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March 03, 2006

Shock-olate, Part II: Molecular gastronomy at DC Duby


It's March.  Time to finish off Valentine's Day chocolates!  We've been savouring the DC Duby Harvest collection of chocolates, and by now we've had at least one of every type.

This was our first taste of DC Duby's work, and it's obvious they take great pride in what they do:  the chocolates were even accompanied by a numbered letter hand-signed by both Dominique and Cindy Duby.  The word "harvest" really encapsulates the overall feeling of these chocolates: rich, earthy, fresh, artisanal.  It's interesting that we liked the chocolates that seemed to have the most "pop" in their flavours -- this might be a result of being used to one-note chocolates where there's a single clear flavour.  We didn't like all of the chocolates in the collection, but most had real complexity and depth, and some of the flavour combinations -- apricot, plum wine, and chanterelle springs immediately to mind -- were both novel and startingly good.

Rachel's theory is that the Dubys structure their chocolates like a wine, with different layers of flavour harmonizing within a main body.  This should come as no suprise given the couple's expertise in pairing the two.  Treating chocolate like wine is a recent phenomenon, and chocolatiers such as Michel Cluizel are using the oenological concept of terroir to produce bars of grand cru chocolate made exclusively from the cacao grown on a single plantation (one divine street in Paris, rue Saint-Honoré is home to the shops of both Cluizel and Jean-Paul Hévin, perhaps the finest ganache-maker in the world; his macarons are also prized).  For the dedicated chocophile, these bars are a delicious way to explore the differences in regional chocolates and to discover new favourites.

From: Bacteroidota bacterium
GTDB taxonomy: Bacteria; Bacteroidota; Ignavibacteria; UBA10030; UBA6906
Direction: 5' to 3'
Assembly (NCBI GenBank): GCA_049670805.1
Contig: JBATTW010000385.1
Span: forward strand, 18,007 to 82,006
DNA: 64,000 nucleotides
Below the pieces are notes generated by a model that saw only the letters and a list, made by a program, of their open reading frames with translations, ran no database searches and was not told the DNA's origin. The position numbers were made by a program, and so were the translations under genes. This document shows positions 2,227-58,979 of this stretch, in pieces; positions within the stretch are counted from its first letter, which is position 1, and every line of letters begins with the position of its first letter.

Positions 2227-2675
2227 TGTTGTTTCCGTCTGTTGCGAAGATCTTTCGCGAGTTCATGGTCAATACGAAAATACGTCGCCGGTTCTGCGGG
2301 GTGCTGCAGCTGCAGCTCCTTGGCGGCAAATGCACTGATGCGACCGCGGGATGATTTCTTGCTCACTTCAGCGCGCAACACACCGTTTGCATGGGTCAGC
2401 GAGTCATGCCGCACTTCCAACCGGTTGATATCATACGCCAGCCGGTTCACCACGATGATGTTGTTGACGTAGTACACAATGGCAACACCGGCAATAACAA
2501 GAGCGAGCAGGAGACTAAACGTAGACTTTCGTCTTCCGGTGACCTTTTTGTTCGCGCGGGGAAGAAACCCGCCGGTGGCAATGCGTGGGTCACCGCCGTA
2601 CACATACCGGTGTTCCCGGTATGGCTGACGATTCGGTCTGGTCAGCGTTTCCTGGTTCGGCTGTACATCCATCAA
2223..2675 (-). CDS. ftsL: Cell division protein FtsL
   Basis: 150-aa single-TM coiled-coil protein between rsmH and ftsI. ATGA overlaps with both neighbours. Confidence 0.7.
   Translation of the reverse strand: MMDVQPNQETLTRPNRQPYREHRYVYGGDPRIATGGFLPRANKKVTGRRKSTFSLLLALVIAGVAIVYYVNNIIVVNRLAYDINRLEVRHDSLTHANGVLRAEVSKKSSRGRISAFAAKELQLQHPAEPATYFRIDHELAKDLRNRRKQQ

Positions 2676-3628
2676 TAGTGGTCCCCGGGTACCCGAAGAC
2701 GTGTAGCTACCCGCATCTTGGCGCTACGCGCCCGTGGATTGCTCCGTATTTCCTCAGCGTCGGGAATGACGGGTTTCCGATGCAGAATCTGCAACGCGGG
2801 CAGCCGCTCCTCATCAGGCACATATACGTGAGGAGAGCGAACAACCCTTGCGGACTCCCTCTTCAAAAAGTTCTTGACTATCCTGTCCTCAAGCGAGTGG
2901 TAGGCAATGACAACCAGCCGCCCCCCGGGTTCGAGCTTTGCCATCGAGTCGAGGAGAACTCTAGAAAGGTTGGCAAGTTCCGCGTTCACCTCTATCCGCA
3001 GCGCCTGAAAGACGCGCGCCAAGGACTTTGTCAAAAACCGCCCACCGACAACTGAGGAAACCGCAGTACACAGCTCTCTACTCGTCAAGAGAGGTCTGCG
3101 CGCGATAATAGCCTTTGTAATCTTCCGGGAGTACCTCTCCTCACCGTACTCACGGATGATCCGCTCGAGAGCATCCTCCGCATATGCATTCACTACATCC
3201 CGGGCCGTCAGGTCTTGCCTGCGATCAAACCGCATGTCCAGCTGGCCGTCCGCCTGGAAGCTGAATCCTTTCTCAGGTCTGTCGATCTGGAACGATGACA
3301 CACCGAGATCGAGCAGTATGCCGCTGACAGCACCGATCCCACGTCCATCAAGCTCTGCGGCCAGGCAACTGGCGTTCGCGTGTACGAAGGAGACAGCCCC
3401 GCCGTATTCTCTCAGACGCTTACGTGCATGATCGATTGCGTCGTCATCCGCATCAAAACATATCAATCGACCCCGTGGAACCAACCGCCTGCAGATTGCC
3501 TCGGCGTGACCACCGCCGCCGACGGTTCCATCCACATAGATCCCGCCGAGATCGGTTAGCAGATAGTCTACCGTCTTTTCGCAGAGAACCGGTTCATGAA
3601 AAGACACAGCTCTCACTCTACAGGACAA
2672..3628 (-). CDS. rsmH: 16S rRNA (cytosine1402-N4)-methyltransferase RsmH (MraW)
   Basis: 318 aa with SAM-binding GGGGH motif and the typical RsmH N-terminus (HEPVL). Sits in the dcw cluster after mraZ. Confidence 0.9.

Here are some more descriptions of their unusual flavour combinations (for the rest of the box, click here).

Parsnip, Pear and Vanilla Emulsion (pictured at top) -- Hmm, where were the flavours of the parsnip, pear, or vanilla?  Rachel said she could taste the pear, particularly in the slight grittiness, but I tasted nothing but chocolate and a general sweetness. 

Apple Red Cabbage Gelee and Chestnut Praline -- Along with the apricot/chanterelle/plum wine reduction and the mincemeat/caramel/butternut squash, this was one of the best chocolates.  This is essentially two candies enrobed in chocolate, both of which taste wonderful and, more importantly, both tastes are complementary.  The apple and red cabbage gelee is a deep red jelly, with tart and sweet notes.  The chestnut praline is both its flavour and textural opposite: rich and fatty with a little graininess to it. This just works.


Barbecue Tomato Jam and Matcha Lime Emulsion (pictured above) -- More so than any other chocolate we tried, this may be the one with the most pronounced flavours.  The only problem is that I'm not sure how I feel about those flavours.  I found the matcha to have something of a harsh, herbal bitterness, and though I liked the citrus kick of the lime, the barbecue tomato notes did not work for me, either on their own or in combination with the other flavours.